‘Pindostan’ Versus Mother Russia: An Appraisal

As the popularity of the American people dwindles in Russia, Russian people have increasingly adopted the highly offensive nickname “Pindostan” for the United States (citizens are called “pindoses”). These names appear innocent enough, but the meanings run deep and are very offensive in Russia.

According to Urban Dictionary, a “pindos” is meant, “to offend US citizens or people with western way of thinking” or “think that democracy is good.” To give a better idea how bad the word is, related words include “skanky,” “slutty,” “dumb,” and “stupid.” It also means “a helpless creature that is a product of a very bad educational system, one who can survive in this world only with the help of various gadgets.” There is no confirmation of the etymology of the word, but one possibility remains the most popular among linguists. From The New York Observer:

The most popular explanation states that this word was invented by Russian peacekeepers in Serbia with the purpose of describing a NATO soldier, who was seen by them as a strange, clumsy figure with his 90 lbs. of bulletproof vest, weapons, radios, flashlights and so on.

From afar, he looked very strange to the Russian eye—like a penguin.

The growing use of the term comes at a time in which the fundamental rights of Russians appear more at risk than ever in the post-Soviet era. Russian President Vladimir Putin is an ex-KGB agent and has claimed the fall of the Soviet Union was the “greatest geopolitical disaster of the 20th century.” Russian independent media faced a major crackdown after Moscow annexed Crimea from Ukraine. Online editors “resigned,” but coworkers claim the Kremlin forced them out. Kommersant reporter Anastasia Karimova resigned because of censorship and said there is no acceptable work for journalists in Moscow. Russia Today anchor Liz Wahl resigned on air over censorship and the network’s backing of Russia’s actions in Ukraine.

The Russian government controls not only media outlets, but the education systems used in schools. Moscow purges textbooks because they are “unsuitable.” To the Kremlin, math books by Lyudmila Peterson were “unsuitable” because she used Western characters such as Snow White, which are “hardly designed to instill a sense of patriotism” in children. Publishing companies started to shut down due to their “unsuitable” material. Only one publishing company survived the purge: Enlightenment. This company traces back to the Soviet Union and is run by Putin’s childhood friend Arkady R. Rotenberg.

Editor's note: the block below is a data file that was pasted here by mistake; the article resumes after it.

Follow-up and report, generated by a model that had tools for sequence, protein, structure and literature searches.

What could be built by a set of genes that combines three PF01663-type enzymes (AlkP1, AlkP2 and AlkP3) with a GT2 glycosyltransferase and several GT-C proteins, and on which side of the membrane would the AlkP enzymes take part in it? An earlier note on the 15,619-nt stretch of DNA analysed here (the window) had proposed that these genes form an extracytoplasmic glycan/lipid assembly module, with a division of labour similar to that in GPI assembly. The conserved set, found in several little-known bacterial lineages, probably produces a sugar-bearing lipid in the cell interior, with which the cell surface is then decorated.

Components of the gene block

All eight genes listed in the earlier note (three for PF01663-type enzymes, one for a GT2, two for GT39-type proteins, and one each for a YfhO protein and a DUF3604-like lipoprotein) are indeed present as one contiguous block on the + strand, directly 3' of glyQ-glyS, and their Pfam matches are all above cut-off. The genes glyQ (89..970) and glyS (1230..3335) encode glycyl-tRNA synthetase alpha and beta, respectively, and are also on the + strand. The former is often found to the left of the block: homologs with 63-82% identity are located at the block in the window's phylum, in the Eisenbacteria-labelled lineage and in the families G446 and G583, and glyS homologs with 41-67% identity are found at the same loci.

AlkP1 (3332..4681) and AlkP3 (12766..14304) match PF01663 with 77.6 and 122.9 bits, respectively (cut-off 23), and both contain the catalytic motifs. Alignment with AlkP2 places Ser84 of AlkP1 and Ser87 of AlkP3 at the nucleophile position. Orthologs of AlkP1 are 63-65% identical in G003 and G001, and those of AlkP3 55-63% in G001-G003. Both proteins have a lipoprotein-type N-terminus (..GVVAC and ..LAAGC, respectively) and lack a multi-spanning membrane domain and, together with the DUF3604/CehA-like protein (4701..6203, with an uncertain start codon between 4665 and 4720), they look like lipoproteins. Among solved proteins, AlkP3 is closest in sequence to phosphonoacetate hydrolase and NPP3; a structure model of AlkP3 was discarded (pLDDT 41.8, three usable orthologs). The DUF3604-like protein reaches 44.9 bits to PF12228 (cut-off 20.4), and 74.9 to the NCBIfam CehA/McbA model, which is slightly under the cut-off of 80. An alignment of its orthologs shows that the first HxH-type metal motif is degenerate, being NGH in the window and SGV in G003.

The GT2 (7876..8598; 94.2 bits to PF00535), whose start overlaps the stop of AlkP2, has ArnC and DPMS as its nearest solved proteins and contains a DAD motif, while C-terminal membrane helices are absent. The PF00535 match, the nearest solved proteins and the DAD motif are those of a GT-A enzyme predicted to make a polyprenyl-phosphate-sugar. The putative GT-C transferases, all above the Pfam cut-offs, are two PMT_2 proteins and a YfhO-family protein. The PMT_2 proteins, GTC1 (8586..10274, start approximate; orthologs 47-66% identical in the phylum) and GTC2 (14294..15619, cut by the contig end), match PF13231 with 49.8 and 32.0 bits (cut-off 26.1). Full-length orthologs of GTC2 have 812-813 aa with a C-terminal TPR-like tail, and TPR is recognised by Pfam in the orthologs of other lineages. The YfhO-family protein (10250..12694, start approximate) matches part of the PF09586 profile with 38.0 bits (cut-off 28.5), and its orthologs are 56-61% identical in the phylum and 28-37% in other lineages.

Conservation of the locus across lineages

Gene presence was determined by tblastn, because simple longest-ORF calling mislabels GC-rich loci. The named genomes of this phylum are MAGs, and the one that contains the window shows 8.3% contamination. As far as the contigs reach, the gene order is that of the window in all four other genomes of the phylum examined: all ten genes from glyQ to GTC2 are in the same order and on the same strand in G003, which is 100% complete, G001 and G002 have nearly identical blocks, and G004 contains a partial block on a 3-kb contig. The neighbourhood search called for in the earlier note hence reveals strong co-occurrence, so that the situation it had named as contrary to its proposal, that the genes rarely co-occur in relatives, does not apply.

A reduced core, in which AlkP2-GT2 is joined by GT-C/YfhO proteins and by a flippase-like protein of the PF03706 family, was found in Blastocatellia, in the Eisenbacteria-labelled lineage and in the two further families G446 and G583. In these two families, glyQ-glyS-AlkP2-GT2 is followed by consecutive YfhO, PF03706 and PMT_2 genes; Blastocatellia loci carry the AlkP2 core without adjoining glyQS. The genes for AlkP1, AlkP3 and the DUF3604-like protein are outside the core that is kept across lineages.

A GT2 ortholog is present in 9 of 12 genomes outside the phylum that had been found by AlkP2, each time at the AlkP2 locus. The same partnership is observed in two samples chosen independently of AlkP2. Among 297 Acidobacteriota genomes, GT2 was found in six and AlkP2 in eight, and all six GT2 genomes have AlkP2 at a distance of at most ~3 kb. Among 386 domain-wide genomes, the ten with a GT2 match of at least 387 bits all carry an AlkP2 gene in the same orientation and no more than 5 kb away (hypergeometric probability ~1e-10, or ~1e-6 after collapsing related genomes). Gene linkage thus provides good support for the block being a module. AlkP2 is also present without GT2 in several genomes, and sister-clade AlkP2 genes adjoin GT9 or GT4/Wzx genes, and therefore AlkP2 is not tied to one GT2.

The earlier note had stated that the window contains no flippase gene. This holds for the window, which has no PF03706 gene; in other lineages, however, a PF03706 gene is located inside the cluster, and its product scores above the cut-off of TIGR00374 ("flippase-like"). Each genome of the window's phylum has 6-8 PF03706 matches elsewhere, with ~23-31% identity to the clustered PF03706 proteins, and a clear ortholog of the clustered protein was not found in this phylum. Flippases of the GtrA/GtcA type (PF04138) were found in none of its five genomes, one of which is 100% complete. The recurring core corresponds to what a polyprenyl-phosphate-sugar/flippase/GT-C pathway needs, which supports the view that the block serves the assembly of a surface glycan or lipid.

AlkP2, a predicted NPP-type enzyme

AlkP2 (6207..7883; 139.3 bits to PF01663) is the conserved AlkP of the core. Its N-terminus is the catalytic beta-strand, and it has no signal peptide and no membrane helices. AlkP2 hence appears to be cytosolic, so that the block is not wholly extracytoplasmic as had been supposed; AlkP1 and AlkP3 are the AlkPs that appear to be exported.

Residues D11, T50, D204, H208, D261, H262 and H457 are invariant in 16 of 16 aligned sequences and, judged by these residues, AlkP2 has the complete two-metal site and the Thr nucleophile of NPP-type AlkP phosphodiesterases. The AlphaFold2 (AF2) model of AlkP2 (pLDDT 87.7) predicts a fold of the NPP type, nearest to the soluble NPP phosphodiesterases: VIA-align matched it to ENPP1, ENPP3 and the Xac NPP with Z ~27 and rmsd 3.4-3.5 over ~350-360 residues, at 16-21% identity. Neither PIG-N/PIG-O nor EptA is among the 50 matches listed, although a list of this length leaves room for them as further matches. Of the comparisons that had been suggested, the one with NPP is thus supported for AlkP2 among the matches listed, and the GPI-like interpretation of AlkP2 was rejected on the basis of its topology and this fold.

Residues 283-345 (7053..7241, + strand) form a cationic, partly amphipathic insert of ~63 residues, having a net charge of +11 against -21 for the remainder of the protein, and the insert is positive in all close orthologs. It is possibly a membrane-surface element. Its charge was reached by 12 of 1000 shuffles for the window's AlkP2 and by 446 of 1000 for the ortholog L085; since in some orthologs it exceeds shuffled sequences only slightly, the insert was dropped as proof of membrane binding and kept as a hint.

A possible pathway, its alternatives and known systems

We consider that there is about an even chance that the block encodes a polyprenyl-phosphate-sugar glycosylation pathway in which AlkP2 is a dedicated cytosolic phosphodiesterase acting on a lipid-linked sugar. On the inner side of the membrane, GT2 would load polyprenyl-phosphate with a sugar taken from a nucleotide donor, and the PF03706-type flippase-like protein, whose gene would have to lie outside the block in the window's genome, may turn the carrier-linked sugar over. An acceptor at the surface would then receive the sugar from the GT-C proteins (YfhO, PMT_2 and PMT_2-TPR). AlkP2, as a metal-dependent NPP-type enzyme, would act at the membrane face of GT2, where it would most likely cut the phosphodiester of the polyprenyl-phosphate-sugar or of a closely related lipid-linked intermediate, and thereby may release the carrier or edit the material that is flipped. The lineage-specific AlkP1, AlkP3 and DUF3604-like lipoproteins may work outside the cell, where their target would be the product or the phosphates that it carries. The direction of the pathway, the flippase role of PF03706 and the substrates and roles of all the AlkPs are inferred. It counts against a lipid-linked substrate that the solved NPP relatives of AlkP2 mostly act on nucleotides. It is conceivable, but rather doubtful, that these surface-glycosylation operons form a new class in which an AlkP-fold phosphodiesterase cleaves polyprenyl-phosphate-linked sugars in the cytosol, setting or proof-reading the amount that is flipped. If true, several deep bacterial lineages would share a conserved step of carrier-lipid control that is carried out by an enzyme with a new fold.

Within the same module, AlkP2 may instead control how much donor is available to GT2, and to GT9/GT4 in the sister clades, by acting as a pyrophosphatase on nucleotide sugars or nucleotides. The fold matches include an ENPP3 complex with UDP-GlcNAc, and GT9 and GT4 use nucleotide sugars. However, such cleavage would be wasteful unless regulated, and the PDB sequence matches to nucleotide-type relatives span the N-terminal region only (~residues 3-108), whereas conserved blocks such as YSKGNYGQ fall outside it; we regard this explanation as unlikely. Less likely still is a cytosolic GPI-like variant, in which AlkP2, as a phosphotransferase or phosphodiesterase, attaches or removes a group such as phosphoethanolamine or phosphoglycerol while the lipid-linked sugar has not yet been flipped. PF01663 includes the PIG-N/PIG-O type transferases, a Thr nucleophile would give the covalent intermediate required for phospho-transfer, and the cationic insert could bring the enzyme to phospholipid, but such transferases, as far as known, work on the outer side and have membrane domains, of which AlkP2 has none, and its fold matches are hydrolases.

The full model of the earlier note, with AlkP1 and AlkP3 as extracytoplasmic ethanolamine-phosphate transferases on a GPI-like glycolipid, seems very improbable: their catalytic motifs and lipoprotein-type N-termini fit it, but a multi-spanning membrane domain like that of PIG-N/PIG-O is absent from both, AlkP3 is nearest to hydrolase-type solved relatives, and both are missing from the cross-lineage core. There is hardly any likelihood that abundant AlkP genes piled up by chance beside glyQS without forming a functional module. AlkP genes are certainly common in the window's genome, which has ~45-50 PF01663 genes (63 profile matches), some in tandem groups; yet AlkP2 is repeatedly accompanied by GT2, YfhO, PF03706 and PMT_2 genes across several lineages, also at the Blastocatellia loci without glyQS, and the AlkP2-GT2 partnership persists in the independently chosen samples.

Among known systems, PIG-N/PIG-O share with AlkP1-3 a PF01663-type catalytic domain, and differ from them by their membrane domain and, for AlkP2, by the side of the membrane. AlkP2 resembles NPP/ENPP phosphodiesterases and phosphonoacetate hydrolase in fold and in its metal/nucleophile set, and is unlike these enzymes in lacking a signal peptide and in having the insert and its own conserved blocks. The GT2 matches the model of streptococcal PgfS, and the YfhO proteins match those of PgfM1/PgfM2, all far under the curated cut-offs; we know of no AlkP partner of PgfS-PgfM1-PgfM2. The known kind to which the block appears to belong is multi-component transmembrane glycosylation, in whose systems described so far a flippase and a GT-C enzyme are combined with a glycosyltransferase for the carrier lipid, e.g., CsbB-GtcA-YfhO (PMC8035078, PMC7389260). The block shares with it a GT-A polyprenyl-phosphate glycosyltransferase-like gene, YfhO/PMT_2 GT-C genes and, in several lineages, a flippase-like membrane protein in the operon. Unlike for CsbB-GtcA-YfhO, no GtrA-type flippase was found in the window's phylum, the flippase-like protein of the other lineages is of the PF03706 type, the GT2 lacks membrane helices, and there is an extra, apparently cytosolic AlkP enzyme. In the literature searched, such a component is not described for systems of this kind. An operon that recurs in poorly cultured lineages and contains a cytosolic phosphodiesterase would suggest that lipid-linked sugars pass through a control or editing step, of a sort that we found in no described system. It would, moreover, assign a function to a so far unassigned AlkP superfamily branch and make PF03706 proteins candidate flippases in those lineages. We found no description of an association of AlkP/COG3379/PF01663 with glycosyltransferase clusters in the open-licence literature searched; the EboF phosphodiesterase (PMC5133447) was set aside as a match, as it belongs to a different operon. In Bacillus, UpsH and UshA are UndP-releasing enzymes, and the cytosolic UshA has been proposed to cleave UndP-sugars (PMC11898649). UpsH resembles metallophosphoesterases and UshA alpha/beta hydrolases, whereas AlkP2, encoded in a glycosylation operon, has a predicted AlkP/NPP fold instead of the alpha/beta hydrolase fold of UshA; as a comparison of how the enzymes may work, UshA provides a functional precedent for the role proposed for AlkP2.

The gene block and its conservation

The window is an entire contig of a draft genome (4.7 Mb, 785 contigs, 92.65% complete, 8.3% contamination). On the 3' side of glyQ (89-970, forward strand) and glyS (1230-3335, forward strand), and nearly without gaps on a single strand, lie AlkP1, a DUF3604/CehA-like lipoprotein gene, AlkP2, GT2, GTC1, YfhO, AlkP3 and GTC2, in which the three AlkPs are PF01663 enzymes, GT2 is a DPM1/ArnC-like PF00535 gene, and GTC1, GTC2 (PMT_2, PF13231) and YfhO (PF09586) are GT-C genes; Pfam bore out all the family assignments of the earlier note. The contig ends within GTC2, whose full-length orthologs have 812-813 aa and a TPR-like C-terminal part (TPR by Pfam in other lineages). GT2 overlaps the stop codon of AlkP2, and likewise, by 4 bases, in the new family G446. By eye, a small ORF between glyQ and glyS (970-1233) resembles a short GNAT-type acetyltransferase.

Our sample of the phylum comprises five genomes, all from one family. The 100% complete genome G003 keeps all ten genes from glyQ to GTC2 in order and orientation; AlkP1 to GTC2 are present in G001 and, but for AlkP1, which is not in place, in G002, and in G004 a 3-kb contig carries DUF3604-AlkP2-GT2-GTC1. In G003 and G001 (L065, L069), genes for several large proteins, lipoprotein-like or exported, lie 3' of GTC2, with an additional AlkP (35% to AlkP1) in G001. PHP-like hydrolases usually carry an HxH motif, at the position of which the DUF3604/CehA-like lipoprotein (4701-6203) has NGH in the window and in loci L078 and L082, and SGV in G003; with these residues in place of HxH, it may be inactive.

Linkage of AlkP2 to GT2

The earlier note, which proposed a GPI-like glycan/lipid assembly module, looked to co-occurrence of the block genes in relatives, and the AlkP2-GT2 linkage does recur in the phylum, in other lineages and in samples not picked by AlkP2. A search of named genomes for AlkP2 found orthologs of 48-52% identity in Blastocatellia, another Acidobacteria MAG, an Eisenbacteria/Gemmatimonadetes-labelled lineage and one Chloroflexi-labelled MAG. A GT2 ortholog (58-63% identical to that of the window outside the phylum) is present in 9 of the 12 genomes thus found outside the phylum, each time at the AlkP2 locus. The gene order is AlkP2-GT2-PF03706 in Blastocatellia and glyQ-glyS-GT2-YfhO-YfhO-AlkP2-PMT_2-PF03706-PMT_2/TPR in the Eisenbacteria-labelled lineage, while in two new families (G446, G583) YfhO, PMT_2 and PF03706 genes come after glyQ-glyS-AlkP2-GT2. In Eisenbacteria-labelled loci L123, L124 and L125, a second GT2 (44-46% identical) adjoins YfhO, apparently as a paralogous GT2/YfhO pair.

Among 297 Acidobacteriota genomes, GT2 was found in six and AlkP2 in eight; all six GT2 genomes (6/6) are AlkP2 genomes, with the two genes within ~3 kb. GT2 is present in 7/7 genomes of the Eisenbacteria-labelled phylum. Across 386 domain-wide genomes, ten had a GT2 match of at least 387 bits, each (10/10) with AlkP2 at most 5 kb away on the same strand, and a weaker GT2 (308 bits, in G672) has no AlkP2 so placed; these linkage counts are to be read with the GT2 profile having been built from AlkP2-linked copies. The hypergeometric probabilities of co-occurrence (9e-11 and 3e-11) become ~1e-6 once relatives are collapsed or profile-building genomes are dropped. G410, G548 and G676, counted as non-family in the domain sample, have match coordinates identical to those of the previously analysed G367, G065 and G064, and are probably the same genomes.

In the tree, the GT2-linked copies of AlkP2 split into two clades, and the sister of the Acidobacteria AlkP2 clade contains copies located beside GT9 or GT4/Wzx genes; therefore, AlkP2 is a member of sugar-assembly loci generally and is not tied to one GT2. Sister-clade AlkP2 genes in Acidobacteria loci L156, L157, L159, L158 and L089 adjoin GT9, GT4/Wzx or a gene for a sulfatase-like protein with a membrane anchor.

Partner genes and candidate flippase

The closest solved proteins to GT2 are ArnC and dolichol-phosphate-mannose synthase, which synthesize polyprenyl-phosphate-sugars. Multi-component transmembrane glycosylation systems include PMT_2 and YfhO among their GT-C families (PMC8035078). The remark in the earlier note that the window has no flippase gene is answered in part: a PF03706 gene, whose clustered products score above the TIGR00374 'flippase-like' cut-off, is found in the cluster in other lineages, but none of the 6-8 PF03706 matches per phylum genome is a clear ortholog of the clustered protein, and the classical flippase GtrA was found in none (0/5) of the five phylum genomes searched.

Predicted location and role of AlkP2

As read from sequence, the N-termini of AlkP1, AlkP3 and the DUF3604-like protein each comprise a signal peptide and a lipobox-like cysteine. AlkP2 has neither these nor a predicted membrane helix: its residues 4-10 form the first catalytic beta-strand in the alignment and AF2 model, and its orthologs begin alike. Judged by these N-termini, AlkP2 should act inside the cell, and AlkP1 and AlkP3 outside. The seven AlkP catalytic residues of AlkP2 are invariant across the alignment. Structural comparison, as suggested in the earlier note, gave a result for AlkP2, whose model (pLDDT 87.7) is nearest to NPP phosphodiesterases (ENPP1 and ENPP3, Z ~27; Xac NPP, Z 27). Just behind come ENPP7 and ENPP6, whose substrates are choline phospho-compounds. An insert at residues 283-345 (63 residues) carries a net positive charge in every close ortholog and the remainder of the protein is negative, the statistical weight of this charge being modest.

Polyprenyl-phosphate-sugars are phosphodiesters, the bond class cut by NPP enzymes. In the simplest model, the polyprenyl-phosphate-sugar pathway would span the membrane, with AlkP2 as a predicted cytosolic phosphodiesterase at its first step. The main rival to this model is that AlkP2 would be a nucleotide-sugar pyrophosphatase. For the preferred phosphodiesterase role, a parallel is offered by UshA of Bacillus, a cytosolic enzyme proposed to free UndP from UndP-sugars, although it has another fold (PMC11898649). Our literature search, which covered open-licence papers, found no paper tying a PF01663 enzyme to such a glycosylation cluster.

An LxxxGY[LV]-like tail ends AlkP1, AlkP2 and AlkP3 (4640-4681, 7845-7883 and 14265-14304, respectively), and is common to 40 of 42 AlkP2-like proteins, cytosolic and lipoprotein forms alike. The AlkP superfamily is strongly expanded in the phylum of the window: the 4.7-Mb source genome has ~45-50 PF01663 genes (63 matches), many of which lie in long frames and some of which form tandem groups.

The growing hatred towards America also comes at a time in which Russia’s economy is struggling, and government officials are blaming the West. America and a cohort of European nations issued numerous sanctions against Russia because of Moscow’s aggression towards Ukraine, which hampered lucrative Arctic oil deals with top American energy companies. Russian Finance Minister Alexei Kudrin said “the Russian economy has entered a vicious downward spiral as Russia’s energy-centric economy continues to suffer from falling oil prices, Western economic sanctions, and a severely weakened ruble.” Putin blames the West for Russia’s problems. He claimed America targeted Russia as “payment for our independence, our sovereignty.” America views Russia as a strong opponent and will do anything to control Russia’s natural resources.

“Sometimes, I think, maybe they’ll let the bear eat berries and honey in the forest, maybe they will leave it in peace,” he said. “They will not. Because they will always try to put him on a chain, and as soon as they succeed in doing so they tear out his fangs and his claws [nuclear weapons].”

Amid this economic turmoil, Putin has taken to attacking American companies, in particular making denigrating remarks about Coca-Cola this month.

“I don’t know how harmful Coca-Cola is, but a lot of specialists say that it is, especially for children,” said Putin. “I don’t want to offend Coca-Cola, but we have our own national non-alcoholic beverages, and we shall help them to win our stores’ shelves,” referencing Russian soft drink Kvass.


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